The Nova Scotia government has announced changes to gathering limits in the province.
Nova Scotians can now gather in groups of up to 10 without physical distancing. They can also gather in groups of 50 with physical distancing.
“Effective today, household bubbles are down and gathering limits are up,” Premier Stephen McNeil said in a statement Thursday.
“We know a lot of you have been waiting for months to come in close contact with those you love. We are happy to tell you you can finally get that long-awaited hug from a grandparent a child or a close friend. ”
For the groups of 10, the province says people in the group are not required to be exclusive but they are “strongly encouraged to maintain a consistent group.”
Groups of up to 50 must physical distance of two metres or six feet.
The larger gathering limit of 50 applies to social events, faith gatherings, sports and physical activity, weddings and funerals, and arts and culture events like theatre performances, dance recitals, festivals and concerts.
The province says businesses that are too small to ensure physical distancing can have no more than 10 people on their premises at a time.
“We’re providing a new option for close social interaction because it’s important for our well-being, but everybody needs to make decisions that take into consideration the risks, their own circumstances, and how they help keep everyone safe,” said Dr. Robert Strang in a statement.
“It’s important that we all continue physical distancing as much as possible, good hand hygiene, cough etiquette, staying home if you’re sick and making informed decisions about the groups and activities we choose to join.”
Also effective Thursday, playgrounds can start reopening. Municipalities and other owners of playgrounds will need time to prepare them for reopening so Nova Scotians should not expect them to be open immediately.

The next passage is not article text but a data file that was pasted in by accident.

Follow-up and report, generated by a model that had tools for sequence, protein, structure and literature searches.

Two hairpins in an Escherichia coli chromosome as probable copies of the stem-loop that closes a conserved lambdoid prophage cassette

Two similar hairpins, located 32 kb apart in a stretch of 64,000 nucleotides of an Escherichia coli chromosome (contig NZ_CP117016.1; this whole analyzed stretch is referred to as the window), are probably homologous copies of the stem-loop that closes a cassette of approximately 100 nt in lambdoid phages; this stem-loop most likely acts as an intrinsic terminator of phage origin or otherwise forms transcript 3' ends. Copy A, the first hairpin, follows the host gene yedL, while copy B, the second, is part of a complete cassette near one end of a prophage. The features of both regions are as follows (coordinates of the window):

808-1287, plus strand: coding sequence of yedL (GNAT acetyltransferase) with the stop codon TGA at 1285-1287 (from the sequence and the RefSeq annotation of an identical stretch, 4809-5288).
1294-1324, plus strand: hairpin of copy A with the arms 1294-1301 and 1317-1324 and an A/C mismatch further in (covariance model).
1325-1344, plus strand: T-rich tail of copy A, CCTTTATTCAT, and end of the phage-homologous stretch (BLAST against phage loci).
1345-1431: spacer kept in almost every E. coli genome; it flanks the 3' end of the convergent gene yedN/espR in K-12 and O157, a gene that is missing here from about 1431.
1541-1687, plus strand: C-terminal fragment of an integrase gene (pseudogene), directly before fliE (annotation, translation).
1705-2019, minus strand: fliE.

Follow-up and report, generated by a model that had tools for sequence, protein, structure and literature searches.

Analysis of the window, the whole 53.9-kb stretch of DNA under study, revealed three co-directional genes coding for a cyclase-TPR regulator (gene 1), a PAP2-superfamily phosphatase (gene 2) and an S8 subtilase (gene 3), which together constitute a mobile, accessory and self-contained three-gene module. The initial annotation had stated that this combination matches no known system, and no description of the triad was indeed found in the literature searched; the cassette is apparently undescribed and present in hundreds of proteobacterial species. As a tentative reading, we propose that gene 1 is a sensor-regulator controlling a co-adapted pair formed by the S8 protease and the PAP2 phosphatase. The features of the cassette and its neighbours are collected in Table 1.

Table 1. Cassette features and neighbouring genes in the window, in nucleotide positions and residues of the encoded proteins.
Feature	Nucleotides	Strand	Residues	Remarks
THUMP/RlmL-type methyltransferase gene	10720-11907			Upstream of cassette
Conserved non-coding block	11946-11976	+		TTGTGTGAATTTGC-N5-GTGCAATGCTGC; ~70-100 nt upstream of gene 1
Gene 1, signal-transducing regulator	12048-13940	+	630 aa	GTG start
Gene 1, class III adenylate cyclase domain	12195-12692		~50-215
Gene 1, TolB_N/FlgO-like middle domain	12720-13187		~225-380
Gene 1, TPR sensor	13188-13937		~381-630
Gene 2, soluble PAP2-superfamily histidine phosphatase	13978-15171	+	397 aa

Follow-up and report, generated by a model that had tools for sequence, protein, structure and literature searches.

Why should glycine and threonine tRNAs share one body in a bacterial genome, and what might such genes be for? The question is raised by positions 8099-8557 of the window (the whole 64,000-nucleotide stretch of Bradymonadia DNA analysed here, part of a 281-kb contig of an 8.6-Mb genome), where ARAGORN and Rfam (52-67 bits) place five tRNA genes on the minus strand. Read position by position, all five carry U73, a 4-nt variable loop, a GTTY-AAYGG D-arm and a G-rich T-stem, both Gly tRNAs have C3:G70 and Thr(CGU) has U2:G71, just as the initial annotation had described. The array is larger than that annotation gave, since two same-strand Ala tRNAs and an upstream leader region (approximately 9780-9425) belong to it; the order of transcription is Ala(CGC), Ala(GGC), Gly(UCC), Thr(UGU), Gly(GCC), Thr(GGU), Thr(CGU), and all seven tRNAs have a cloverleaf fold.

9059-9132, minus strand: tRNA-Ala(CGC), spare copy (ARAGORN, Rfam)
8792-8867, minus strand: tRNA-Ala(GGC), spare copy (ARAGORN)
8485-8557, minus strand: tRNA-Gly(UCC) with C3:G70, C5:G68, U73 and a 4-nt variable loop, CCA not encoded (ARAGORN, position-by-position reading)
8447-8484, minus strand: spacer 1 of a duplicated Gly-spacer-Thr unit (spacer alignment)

Anyone entering Nova Scotia is still required to self-isolate for 14 days and the Atlantic provinces are still ironing out details to create an Atlantic bubble.
Despite being non-committal to any date for the regional bubble, Premier McNeil now says he expects to reopen the province to the rest of Canada this summer.
“I am wanting to open up to rest of Canada second and third week of July in that general area,” McNeil said during Thursday’s cabinet meeting. “We have to learn to live with COVID and figure out how to move about inside this country.”
McNeil says all public health protocols will still be in place, including physical distancing, but that 14-day self isolation requirement would be lifted.
“We have to be open to this because tourism is one of the most important industries, it employs tens of thousands of Nova Scotians and we need people to get back to work so they can feed their families and keep our communities alive,” he said.
0 new cases Thursday
For the ninth day in a row, Nova Scotia is reporting no new cases of COVID-19. The last new case was reported on June 9.
There are currently two active cases in the province, 1,061 total cases and 997 resolved.
Sixty-two Nova Scotians have died from illnesses connected to the virus.
There are currently two patients in hospital, one of which in an intensive care unit.
With files from Alicia Draus.
Questions about COVID-19? Here are some things you need to know:
Symptoms can include fever, cough and difficulty breathing — very similar to a cold or flu. Some people can develop a more severe illness. People most at risk of this include older adults and people with severe chronic medical conditions like heart, lung or kidney disease. If you develop symptoms, contact public health authorities.
To prevent the virus from spreading, experts recommend frequent handwashing and coughing into your sleeve. They also recommend minimizing contact with others, staying home as much as possible and maintaining a distance of two metres from other people if you go out. In situations where you can’t keep a safe distance from others, public health officials recommend the use of a non-medical face mask or covering to prevent spreading the respiratory droplets that can carry the virus.
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